Wildcats on the web

A look around the Internet today finds few noteworthy articles, but here are what we have.

First, the Courier-Journal provides an in-depth look at the fire that destroyed Joe Crawford's family home.  It seems that Joe and his brothers lost most of their trophies and memorabilia.  The Crawfords are currently living in a hotel, but despite the initial concern and anxiety, Crawford seems to be handling it OK:

But as the Cats prepare for the Southeastern Conference Tournament on Thursday -- they'll face Alabama at 1 p.m. at the Georgia Dome in Atlanta -- Smith said Crawford is moving on.

"I like his attitude," Smith said yesterday on the SEC coaches' teleconference. "He's been very positive, very upbeat of late. I think he realizes, by talking to his parents, (they're saying) 'Everything's under control, son, so go ahead play your best,' and that's the way I've approached him as well."


Our hearts and prayers go out to Joe and his family.

The Lexington Herald-Leader gives us yet another "lucky Kentucky" article:

Since Jan. 13, Kentucky has beaten one team that was at full strength: last-place South Carolina. UK romped 87-49 at Columbia in January and held on for dear life against the visiting Gamecocks 95-89 in February.

Otherwise, UK's victories since mid-January came against Tennessee without Chris Lofton, Arkansas without Charles Thomas, LSU without Glen Davis and Georgia without Mike Mercer and Levi Stukes.

The Cats may continue that fortuitous trend in the Southeastern Conference Tournament. First-round opponent Alabama might play without star point guard Ronald Steele, whose season-long struggle with injuries sidelined him for both the Tide's games last week.


Gottfried continues to tell us that Steele is "day to day", and has what is described as "tendonitis" in both knees.  But even with that injury, Steele managed to kill us in Tuscaloosa.

Of course, no day would be complete without the mandatory "Tubby on the hot seat" article.  Today's selection is also from the Herald-Leader, who thinks that outside of Kentucky, the nation is not going to understand if Smith is let go:

Furthermore, for all the Internet agitation from people claiming to be UK fans saying that Smith, his NCAA title, three other Elite Eights and some kind of SEC title in eight different seasons are not up to "Kentucky standards," I don't think that's how the rest of the country is going to see it.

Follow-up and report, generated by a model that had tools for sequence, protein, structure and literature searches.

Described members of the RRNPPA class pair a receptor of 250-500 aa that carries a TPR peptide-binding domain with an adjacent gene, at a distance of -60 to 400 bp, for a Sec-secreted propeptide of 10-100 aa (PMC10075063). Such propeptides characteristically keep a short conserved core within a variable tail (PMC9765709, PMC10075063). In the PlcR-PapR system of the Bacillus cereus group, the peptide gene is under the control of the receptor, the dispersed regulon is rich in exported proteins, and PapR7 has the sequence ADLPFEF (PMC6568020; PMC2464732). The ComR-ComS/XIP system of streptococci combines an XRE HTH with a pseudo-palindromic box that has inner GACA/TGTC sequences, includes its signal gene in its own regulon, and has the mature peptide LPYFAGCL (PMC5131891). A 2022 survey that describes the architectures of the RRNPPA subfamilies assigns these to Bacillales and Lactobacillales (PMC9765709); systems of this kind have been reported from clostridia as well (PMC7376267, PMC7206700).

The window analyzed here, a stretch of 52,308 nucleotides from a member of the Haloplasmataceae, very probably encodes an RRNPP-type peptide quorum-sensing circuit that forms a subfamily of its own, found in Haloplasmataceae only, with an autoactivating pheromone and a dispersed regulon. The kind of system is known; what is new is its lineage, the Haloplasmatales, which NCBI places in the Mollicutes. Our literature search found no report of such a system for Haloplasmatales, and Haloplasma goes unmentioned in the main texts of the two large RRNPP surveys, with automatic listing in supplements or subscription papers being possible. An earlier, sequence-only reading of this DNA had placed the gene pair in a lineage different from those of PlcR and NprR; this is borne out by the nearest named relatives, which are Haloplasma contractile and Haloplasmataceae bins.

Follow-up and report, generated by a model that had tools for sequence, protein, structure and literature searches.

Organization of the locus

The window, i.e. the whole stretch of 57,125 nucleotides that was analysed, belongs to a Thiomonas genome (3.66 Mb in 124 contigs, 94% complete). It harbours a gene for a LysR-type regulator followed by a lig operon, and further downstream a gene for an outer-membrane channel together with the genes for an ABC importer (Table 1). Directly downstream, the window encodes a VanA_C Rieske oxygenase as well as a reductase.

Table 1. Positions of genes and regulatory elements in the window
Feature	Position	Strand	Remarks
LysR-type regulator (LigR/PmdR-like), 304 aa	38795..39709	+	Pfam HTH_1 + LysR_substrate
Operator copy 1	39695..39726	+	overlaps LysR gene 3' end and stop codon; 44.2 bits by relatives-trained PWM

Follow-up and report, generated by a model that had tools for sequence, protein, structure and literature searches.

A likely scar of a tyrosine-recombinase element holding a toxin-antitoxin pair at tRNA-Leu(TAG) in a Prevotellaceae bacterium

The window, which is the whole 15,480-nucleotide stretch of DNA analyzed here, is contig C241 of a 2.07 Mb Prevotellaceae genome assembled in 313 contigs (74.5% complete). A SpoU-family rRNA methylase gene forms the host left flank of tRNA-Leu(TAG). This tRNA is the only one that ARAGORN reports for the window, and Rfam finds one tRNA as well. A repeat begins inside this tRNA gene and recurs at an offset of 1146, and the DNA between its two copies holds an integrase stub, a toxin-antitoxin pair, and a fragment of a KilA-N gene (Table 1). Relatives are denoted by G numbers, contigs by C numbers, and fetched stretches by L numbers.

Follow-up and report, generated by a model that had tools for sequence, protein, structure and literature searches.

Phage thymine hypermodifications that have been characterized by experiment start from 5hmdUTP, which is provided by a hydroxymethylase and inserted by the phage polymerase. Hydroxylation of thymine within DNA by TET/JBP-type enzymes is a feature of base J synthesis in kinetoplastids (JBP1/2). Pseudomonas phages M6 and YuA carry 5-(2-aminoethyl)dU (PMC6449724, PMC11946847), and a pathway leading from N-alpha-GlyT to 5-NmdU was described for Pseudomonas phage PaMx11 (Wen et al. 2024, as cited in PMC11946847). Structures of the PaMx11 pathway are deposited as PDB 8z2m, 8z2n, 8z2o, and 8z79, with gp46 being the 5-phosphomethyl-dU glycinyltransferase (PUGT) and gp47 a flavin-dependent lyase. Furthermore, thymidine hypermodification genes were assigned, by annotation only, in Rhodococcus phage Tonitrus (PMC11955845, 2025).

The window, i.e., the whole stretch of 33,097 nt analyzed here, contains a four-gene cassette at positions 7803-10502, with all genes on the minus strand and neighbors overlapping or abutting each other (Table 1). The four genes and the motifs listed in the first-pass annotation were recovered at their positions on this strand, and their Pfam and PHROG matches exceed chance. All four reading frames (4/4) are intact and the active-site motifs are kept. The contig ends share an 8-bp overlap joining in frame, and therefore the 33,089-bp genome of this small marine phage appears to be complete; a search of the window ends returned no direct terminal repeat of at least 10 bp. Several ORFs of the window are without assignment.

They'll see a coach with a national championship ring, a winning percentage at Kentucky roughly equivalent to UK's all-time winning percentage, and a reputation for being one of the more decent people in a profession where men of honor are less than abundant.

Whether it's fair or not, the nation is likely to conclude Kentucky seems awfully eager to show its first black head coach the door. That's not the kind of national publicity that the commonwealth or its flagship university need.


No, but that is exactly what is likely to happen if this slow-motion trainwreck continues.  Of course, winning a few basketball games might take some of the pressure off, too.  At this point, all we can do is hope for the best and let the process unfold.

Around the blogosphere, there are one or two articles regarding the Smith situation, but this one from Aereoperro is the most well written:


Last season and this season have been disappointing to many Kentucky fans. A combined 24 losses over two years seems unacceptably high for arguably the greatest collegiate basketball team in NCAA history. The athletic department, the coaching staff and most significantly Tubby must make adjustments to improve the performance of the team in the off-season. But the trouble that the team has suffered of late can be reversed most quickly with Tubby at the helm. A coaching change would dramatically and negatively affect the progress with recruiting high-school stars such as Patrick Paterson and Jail Lucas.

Many might not draw the same conclusion about the fastest way to fix the problem, but otherwise I think this article is on target.  Firing Smith would almost certainly have a negative impact on recruiting in the near term, and "1966" articles about UK could cool interest in the team for quite some time.  But that is all just speculation - we'll just have to wait and see what happens.

On the recruiting front, despite recent news of Patrick Patterson doing the "Gator Chomp" in Gainesville, rumors of cracks in Patrick's poker face seem to be exaggerated:

College basketball recruiting's last game of high stakes poker at the top level will have to wait until April 3 to see what Patrick Patterson is holding in his hand. The 6-8 power forward from Huntington, West Virginia is the last remaining uncommitted player in Scout.com's top 40. Everybody knows the cards he's holding but nobody knows which card he'll play when he announces.

Matt Jones at KSR has more.

That's it, for today, folks.  Slim pickings, I know, but that's about all I could dig up.  The Wildcats are getting ready for Catlanta, and I expect we'll have a lot more on that soon.

Update [2007-3-6 8:3:38 by Truzenzuzex]: Holy cow! A blast from the past, courtesy of Gregg Doyell and Coach Amex. This was an interview about the Henderson/Hansbrough incident of Sunday:

K said it was "unfortunate" what happened to Hansbrough, but it was also unfortunate for Henderson because "he is not that kind of player."

The fun began when Gregg Doyel of cbssportsline chimed in asking K how long he suspended Christian Laettner in 1992 for "stomping on" the chest of the Kentucky player during the epic regional final. Coach and writer went back and forth a little bit, with K questioning whether that should be called a "stomp." K concluded with: "After the season we'll talk about 1992. I'd rather talk about 2007 right now."

Heh. How'd I miss this one?
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